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What is the Anthropocene?

Inaugurated on 5 September 2023, this series aims to understand and address one of the pressing issues and debates of our time: What is the Anthropocene? The series is comprised of 6 lectures exploring aspects and angles to peer into the current academic debate on this new epoch.

During the lecture series 'What is the Anthropocene? - Exploring transdisciplinary collaboration for sustainable change', speakers and participants discussed how interdisciplinary research can contribute to challenges of the planetary polycrisis that are part of what scientists are debating is the Anthropocene. Each lecture consisted of two expert presentations followed by discussion. The series was organised by the first VU Distinguished Fellow of the Anthropocene, Dr Sjoerd J. Kluiving, in collaboration with the Amsterdam Sustainability Institute.

In addition to the lecture series, two transdisciplinary workshops on the road to the COP28 in Dubai, were organised. During these workshops, stories were developed by connecting science, human health, art and activism. Ellie Domigan brought these stories to COP28 where they were presented on stage at the IUCN Pavilion, in the Blue Zone. Read about Ellie's experience in her blog post. 

VU Distinguished Fellow of the Anthropocene

Sjoerd Kluiving is the First Distinguished Fellow of the Anthropocene. He studies the deep history of landscapes, human-nature relations and transitions into a sustainable society. As a geologist and physical geographer involved in applying earth sciences to archeology in interdisciplinary research and teaching, with emphasis on the Anthropocene.

Dr Sjoerd Kluiving

Dr Sjoerd Kluiving

Sjoerd co-leads the newly established Environmental Humanities Center at the Vrije Universiteit Amsterdam. He received in 2018-2022 Horizon 2020 funding in TERRANOVA and NWO Melting Pot. Sjoerd is (co-)supervising 7 PhD students in the field of science, humanities and social sciences. As of 2024 Sjoerd is the coordinator of the VU Profile theme Connected World.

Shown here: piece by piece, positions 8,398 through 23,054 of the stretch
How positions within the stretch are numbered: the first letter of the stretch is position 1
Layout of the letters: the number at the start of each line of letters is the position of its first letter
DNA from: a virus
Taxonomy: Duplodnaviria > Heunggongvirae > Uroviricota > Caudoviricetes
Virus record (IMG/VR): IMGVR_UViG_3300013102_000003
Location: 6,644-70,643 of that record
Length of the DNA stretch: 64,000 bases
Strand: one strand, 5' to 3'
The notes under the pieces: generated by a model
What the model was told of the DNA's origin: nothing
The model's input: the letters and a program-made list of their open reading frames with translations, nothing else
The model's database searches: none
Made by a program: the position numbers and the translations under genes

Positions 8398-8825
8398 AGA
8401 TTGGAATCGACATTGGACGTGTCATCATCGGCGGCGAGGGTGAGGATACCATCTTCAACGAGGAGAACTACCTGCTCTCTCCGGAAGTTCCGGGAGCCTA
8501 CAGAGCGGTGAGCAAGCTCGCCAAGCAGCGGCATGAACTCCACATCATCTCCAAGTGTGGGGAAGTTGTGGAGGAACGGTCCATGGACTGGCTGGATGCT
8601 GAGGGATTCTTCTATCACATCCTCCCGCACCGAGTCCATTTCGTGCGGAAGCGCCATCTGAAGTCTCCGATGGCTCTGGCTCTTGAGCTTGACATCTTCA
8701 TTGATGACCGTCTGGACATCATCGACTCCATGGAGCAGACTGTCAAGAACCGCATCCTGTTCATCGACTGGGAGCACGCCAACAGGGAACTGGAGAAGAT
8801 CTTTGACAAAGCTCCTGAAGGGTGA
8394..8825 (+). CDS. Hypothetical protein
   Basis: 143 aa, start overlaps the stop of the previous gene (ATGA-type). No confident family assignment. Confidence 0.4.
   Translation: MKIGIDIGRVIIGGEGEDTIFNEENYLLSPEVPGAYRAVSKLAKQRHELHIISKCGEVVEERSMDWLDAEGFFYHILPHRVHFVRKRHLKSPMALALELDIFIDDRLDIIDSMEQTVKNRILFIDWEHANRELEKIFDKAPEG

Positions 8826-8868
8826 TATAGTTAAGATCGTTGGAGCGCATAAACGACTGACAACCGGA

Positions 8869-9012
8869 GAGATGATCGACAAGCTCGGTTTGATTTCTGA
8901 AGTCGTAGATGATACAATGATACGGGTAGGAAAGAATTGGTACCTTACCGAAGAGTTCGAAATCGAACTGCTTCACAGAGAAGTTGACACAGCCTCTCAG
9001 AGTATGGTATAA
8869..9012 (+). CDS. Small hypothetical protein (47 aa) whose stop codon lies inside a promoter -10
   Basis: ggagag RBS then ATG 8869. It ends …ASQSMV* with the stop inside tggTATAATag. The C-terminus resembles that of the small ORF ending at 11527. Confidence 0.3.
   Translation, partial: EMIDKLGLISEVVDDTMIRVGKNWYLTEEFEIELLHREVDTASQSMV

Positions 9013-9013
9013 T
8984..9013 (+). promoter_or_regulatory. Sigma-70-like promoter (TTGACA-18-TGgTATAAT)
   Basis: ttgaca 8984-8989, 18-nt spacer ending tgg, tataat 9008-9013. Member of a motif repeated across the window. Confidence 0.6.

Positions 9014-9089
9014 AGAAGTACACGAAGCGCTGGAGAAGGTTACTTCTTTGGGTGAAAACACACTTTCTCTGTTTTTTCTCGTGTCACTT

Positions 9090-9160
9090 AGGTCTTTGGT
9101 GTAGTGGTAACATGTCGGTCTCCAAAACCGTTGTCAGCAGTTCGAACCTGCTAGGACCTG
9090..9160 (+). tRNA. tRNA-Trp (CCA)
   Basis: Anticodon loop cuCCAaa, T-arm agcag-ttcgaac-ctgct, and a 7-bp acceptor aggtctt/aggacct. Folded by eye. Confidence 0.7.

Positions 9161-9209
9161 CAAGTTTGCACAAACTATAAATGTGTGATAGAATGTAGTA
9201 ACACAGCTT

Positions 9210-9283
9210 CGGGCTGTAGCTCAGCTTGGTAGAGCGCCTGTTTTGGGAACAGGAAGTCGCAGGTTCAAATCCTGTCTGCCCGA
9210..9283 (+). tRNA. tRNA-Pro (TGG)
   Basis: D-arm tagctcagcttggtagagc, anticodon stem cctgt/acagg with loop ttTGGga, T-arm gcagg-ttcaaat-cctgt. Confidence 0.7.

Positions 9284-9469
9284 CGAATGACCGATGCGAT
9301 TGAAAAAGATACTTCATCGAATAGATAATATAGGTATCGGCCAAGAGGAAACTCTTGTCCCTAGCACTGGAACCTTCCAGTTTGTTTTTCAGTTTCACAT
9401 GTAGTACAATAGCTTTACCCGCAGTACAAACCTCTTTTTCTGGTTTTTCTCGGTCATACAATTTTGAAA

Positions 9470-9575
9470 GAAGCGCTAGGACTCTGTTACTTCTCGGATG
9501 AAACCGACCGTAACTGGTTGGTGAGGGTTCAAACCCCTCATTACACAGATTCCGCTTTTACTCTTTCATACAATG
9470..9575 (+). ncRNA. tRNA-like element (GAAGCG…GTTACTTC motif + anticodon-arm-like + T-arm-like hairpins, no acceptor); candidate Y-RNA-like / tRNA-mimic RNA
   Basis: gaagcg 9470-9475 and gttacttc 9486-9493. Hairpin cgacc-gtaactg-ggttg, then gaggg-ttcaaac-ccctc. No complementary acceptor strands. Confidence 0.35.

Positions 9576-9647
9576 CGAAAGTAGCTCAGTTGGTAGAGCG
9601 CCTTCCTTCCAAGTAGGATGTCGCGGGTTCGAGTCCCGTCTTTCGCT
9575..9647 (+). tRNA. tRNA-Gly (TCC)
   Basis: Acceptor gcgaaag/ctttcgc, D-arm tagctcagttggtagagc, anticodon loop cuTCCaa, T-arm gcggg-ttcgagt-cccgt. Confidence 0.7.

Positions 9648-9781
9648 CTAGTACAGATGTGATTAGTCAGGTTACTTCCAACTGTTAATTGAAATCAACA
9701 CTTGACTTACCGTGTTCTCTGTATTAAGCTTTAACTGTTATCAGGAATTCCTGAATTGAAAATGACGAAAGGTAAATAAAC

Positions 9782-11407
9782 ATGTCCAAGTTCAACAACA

Read more about Sjoerd's work

Anthropocene lectures

  • What is the Anthropocene?

    The Anthropocene is a new time period in which we humans currently live, although discussions are still going on delivering sometimes fierce debates among scientists. What is the Anthropocene? Is it a new time unit for humanity on Earth? More than geological questions of time boundaries, Golden Spikes and how to measure those, it is apparent that most other academic branches have discussed and/or embraced the term, signifying that the Anthropocene forms a multi-disciplinary arena of global to local challenges and problems that relate to the 17 UN SDGs.

    In this lecture Sjoerd Kluiving (VU Amsterdam) and Kim Cohen (Universiteit Utrecht) explore the need for a theoretical foundation in addressing Anthropocene challenges through interdisciplinary collaboration and collective action and examine the evolving multidisciplinary understanding and data inclusivity in defining this epoch, highlighting its profound impact on Earth's ecosystems.

    Watch the Lecture - more information here.

  • Transition pathways in the Anthropocene

    What are the transition pathways that will take us out of those unsustainable trajectories (e.g. climate change) that are currently filling the (inter)national news media on a daily basis? Transitions in society may have longtime duration, such as the abandonment of smoking, while the current planetary urgencies require (much) faster progress along different pathways.

    In his lecture, Mathieu Blondeel (VU Amsterdam) discusses the alarming breach of planetary boundaries, particularly in Climate Change. He emphasizes the urgent need for a Global Energy System Transformation (GEST) to combat the climate crisis and advocates for transitioning to low-carbon energy sources. He explores the interconnectedness of energy transformation with other spheres and stresses the importance of addressing challenges for just transitions in the Anthropocene.

    Kristiaan Kok (VU Amsterdam) discusses the urgent need for food system transitions due to environmental pollution, health challenges, and climate susceptibility. Achieving socially just systems requires multi-actor governance and consideration of various justice dimensions. Therefore, Kok underscores transdisciplinary research has crucial for identifying transition pathways for (food) systems change. 

    Watch the Lecture - more information here.

  • Biodiversity and landscapes in the Anthropocene

    Nature is in a bad condition and is currently 5-0 down. Biodiversity losses have been growing disproportionally over the past decades, a lot is currently being debated on national to continental scales regarding a reform of farming as well as urgent restoration of nature. For example, what is sustainable landscape management and how can food security be in harmony with flourishing nature?

    Louise Vet (WUR, Deltaplan Biodiversiteit) advocates for utilizing Nature’s economy through energy, circularity, and diversity to mitigate the biodiversity crisis. Her lecture highlights the Anthropocene's planetary boundaries breach, emphasizing the urgent need for biodiversity conservation. The lecture stresses the correlation between economic growth and declining natural capital, urging a shift towards eco-centric thinking and nature-inclusive approaches.